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I’ve just finished watching a recording of Lang Lang, filmed in 2011 at the Camden roundhouse as part of the itunes festival. To watch the start of it you would have thought it was a rock concert, with a 1 minute countdown ringing out over a smoke filled stage and an audience going wild in anticipation. I have included a link to YouTube of the start of the show, although I have no idea of the copyright permission obtained by the uploader of the video.

It’s the first time I’ve actually seen footage of him playing, although you would have had to have been living in a cave in the cultural desert for the last few years to not have heard of him. I heard him being interviewed in 2010 by Kirsty Young for ‘Desert Island discs’. He told how his parents, who were already poor, gave up everything for his father and him to move home so that he could study at the Beijing Conservatory of Music. He tells the story of how he was kicked out by his tutor for supposed lack of talent; this shamed his father so much that he told the young Lang Lang to throw himself off the balcony. It was during this period that he also tried to wreck his hands by repeatedly punching the wall. Fortunately for the music world, he didn’t jump, nor damage his hands permanently, however the reaction of his father is quite shocking to us in the western world, but I suspect it would be easy to understand to those familiar with Chinese culture.

I am reminded of another BBC documentary I watched in January 2012 called ‘Meet Britain’s Chinese Tiger moms’. In it the contrast between, attitudes to parenting in the western world and those of Chinese origin, is highlighted in a both comical and worrying way. The predominate thinking in the UK, is that learning the piano should be fun for children, however that was not the attitude of these ‘Tiger moms’. Two hours practice each day with parental supervision was seen as completely normal. Complaints about being tired fell on deaf ears, and sessions could not be ended with something unfinished.

As a child I didn’t have access to a piano, and therefore wasn’t exposed to anything like this. Knowing how my parents were with other aspects of my learning I am completely confident that they would have been very British about it, possibly a bit of gentle encouragement, but no real pressure. Would this have been right for me though? I am not so sure… The were many interests in my childhood that could have been developed, however I lacked the self-motivation. My school report cards were always filled with statements, such as, ‘He is clever, but must apply himself’. I suspect that if I had started the piano at an early age there is a chance that it might have tailed off. I was definitely one of those kids who would have benefited from being pushed by his parents. I would love to be a better pianist and am doing my best to become one; however I will always regret not starting earlier. I am not convinced by the idea that children pick things up quicker than adults, however by starting learning at the age of 30, I have missed out on at least 20years of learning.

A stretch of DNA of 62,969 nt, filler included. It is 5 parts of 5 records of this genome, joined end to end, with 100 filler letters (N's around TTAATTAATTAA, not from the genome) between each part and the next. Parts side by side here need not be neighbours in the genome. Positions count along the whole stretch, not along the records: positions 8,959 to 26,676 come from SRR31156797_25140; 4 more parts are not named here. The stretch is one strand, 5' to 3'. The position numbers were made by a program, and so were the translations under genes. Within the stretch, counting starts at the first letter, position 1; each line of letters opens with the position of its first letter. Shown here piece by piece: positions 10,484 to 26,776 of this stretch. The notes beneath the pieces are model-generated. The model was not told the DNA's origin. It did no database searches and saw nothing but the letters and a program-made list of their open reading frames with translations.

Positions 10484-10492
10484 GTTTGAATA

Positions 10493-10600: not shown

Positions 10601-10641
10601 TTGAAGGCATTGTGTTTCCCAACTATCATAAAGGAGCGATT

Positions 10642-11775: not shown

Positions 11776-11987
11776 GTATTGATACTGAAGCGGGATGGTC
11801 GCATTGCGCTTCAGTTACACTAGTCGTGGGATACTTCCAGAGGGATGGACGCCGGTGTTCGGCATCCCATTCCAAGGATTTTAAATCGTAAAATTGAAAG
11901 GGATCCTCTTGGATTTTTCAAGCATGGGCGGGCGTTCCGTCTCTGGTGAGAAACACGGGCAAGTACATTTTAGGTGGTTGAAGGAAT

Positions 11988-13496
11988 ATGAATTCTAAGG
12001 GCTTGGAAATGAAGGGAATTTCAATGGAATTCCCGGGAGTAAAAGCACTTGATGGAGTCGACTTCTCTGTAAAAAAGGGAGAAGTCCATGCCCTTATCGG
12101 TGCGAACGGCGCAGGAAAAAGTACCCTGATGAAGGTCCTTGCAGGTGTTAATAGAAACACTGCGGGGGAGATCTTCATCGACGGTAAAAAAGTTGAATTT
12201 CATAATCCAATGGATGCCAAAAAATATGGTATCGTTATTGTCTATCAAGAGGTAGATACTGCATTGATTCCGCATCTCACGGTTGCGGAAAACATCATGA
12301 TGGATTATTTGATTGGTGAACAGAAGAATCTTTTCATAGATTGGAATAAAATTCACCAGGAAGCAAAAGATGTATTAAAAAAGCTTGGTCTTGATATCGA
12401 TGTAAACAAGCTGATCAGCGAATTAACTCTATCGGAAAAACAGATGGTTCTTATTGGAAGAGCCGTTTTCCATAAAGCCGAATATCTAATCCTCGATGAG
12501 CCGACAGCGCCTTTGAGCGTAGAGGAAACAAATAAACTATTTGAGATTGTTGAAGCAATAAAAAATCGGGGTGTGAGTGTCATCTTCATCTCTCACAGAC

The ’Tiger mom’ approach can backfire though. One high profile case of this is that of Vanessa Mae, who’s mother was very pushy, when she was growing up and went on become her manager, however the relationship broke down such that the two are no longer on speaking terms. This can be seen as an example of where the approach failed, but let’s not forget that it allowed Mae to become very successful in her field. That is not to say that all children that are so heavily pushed reach the goals of their parents. However, it is surely the case that someone lacking motivation, either from themselves, or from their parent, will be very unlikely to succeed.

To sum it up, I guess what I am saying is that I wish I had started learning a lot earlier, I also think that I would have benefited from some pushing, to give me the motivation that I often lacked. There is of course the chance that I might have rebelled, had a strop and refused to continue. But knowing how much I love playing now, even if this had happened after a few years at least I would have left my childhood with some years under my belt. I would therefore have had a head start on my current learning. Still I have the self-motivation now, and plenty of time left to get to where I want to be, and I have never been the sort of person to hold onto regrets.

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